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script abbreviations? (1 Viewer)

http://www.oscars.org/nicholl/format_a.txt

i went to the website recommended and have some questions about abbreviations.

what is

int.
ext. <--exit i'm guessing
o.s.


yeah. help please.
working on a my first script for a 5 minute short and i want to post it up here but not until it's in the right format, that way i can't get butchered for that! =] written a couple drafts already but it's just not the right format. drafting again.
 
i was also hoping someone could suggest how you would include titles into your script. Like you wanted to start off with a quote or something. thanks
 

Ozmandius

Senior Member
Close, but not quite right, lisajane. It's interior and exterior, not inside and outside.

As for using titles, I believe that you would use insert. For example:

INSERT: "Had his chest been a cannon, he would have shot his hot heart's shell upon it." H. Mellville

Fade Out:

Keep in mind that I'm basing this off of memory from my screenwriting classes, as I've never actually had reason to use this technique myself.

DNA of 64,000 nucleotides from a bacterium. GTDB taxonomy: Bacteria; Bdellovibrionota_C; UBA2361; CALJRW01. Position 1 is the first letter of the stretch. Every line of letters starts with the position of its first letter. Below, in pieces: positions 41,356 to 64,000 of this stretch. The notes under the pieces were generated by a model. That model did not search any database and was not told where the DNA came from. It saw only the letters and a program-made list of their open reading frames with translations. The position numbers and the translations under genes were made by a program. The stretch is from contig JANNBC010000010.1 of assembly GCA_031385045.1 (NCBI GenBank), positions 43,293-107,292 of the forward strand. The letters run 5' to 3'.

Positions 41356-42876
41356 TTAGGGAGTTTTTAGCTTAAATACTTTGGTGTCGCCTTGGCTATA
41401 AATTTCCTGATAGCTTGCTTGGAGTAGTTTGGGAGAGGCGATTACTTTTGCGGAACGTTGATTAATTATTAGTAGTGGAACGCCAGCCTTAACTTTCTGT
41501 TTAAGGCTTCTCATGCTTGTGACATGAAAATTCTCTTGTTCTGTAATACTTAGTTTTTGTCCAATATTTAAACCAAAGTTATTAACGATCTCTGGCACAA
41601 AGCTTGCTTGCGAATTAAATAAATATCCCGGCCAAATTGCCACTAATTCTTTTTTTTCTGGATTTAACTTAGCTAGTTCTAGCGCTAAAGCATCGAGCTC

Oz
 

mammamaia

Senior Member
...yr right on int/ext of course, oz... but on the titles question, an 'INSERT' would only be used if the object/piece of writing was to be shown in close-up... and, in such a case, you'd have to say what it's written on... such as:

INSERT - SCRAP OF PAPER

"Had his chest been a cannon,
he would have shot his hot heart's
shell upon it. H. Mellville "

BACK TO SCENE

...but, if the poster only wants the quote seen on an otherwise blank screen, it's done like this:

ON BLACK

"Had his chest been a cannon, he would have shot his hot heart's shell upon it. H. Mellville"

...and, if he wants it to be read over a scene, it goes in like this: